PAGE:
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We had our home recently renovated, and after a large rain, during AZ's last monsoon season, we found a large puddle on water in the house back our new sliding glass door. After determining we didn't leave anything open we figured out that the issue was due to water coming from the track. After even more research, we found that the track our contractor install has no water rating.

Our contractor is saying that we approved the design of the door and they showed us that they were using the flush sill. We were never told that the because they selected the flush sill that we may have water leakage or shared the image below.

My question is how is a contractor supposed to calculate the "PSF" rating for a sliding door? Is there some sort of guide?

Track Options

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    Are you in an area that has regular rain events like the one that caused leakage, or is this a once-in-a-blue-moon event? – Aloysius Defenestrate Mar 2 at 3:05
  • @AloysiusDefenestrate I am in an location that is mostly dry, but we have heavy downpours in late summer for a few weeks every year. – Eric S Mar 2 at 6:06
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Generally speaking, there is no formal guide to choosing a door. However, a thoughtful contractor would have considered the potential for heavy rain and wind-driven rain (especially the direction weather comes from) when choosing a door. That said, it sounds like you did approve the materials, so this is partly on you.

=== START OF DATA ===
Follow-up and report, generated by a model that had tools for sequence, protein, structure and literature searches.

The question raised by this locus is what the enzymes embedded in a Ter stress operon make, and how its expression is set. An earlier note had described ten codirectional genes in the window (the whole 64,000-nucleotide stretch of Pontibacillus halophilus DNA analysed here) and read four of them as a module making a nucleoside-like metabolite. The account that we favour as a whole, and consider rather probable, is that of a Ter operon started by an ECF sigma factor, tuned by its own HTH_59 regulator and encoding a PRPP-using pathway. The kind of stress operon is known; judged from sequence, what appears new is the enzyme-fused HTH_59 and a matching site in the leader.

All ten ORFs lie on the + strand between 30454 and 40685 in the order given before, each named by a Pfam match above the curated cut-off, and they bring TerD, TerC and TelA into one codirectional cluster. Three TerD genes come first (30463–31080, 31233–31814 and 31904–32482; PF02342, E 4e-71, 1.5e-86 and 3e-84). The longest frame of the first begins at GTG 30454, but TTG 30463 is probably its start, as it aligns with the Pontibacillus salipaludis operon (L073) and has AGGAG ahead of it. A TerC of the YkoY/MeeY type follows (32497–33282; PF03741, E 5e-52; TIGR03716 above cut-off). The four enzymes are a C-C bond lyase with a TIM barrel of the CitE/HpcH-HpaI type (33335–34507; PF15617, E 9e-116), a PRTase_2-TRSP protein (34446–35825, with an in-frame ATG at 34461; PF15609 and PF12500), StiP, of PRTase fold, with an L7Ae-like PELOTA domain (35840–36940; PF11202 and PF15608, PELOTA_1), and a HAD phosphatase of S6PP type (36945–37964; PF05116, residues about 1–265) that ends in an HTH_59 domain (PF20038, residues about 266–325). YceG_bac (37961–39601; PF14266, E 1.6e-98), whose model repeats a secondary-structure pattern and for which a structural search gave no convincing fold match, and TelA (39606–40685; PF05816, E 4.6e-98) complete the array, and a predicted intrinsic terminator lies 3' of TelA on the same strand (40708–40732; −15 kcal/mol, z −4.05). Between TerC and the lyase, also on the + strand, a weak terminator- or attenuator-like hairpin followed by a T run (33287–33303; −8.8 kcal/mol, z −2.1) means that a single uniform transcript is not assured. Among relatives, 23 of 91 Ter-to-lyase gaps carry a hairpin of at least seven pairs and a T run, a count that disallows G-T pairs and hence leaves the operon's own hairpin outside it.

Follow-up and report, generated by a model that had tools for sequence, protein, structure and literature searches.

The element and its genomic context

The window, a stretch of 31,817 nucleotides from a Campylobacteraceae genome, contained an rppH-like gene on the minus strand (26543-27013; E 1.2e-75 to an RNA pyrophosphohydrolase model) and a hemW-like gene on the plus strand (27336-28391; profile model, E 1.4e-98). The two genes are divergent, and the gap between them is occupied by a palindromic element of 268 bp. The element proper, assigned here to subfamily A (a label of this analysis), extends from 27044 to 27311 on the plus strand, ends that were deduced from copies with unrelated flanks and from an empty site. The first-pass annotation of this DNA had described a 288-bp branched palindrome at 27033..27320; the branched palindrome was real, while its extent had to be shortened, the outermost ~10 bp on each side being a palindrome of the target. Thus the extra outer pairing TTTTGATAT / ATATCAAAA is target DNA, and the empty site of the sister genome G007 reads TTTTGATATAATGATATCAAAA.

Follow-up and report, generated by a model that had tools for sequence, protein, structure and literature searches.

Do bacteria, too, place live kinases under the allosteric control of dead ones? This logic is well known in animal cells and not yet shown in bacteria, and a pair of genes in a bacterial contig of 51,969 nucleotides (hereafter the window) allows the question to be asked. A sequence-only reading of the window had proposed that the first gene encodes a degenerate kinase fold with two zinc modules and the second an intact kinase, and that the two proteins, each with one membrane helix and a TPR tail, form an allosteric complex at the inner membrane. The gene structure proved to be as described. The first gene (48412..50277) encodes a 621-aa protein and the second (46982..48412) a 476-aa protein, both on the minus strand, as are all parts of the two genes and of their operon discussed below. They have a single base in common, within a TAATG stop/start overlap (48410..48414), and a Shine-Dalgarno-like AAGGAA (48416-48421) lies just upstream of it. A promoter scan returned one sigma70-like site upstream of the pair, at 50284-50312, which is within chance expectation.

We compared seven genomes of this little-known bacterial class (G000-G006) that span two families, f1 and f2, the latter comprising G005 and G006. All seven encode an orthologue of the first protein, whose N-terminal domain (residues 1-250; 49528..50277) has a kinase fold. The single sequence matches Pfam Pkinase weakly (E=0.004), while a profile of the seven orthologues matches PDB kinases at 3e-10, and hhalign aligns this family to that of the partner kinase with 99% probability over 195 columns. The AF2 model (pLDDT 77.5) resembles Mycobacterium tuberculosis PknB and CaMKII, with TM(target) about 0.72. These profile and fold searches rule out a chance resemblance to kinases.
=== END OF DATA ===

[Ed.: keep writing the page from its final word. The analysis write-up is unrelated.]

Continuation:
Short of replacing the sill (which is tough), my best suggestion is to attach an additional piece at the bottom of the door that will slow driven rain down. This can either be a drip cap, a sweep, or a combination. Look at google images for "CR Laurence Door Rain Drips", for example.

Note that there might be factors that haven't come up that drove the choice: some homes don't allow a sill like that to be dropped enough that the lip at the interior isn't a trip hazard. Cost/timing may have played a role (ie, high lip = special order = $$$/slow delivery).

  • Showing a client one option, not telling them that different sills are available based solely on water performance, and not taking into consideration that the 8" overhang above the door is sufficient to say, that the contractor did their job enough to spread the blame? I'm trying to reconcile for myself how I would've been able to make a different decision. I purchased a cast iron sink and the contractor said, hey that's going to be too heavy for the counter top, so we bought a new sink. Here we were never told there was another option or why we might want to choose thing else. – Eric S Mar 4 at 17:31
  • I know that this is your opinion based on the info you have, but I also wanted to add that based on your mention about a tripping hazard, I believe I understand why this option was chosen for us in the first place. Based on how the contractor built out the back all of the house, it would've taken time to drop the track low enough to not cause a tripping hazard. I believe this conversation was going on prior to our "sign-off" on the door and track. Thanks for your help. I just want the the problem to go away and this is one of a 15 or more issues we found after completion. – Eric S Mar 4 at 17:37

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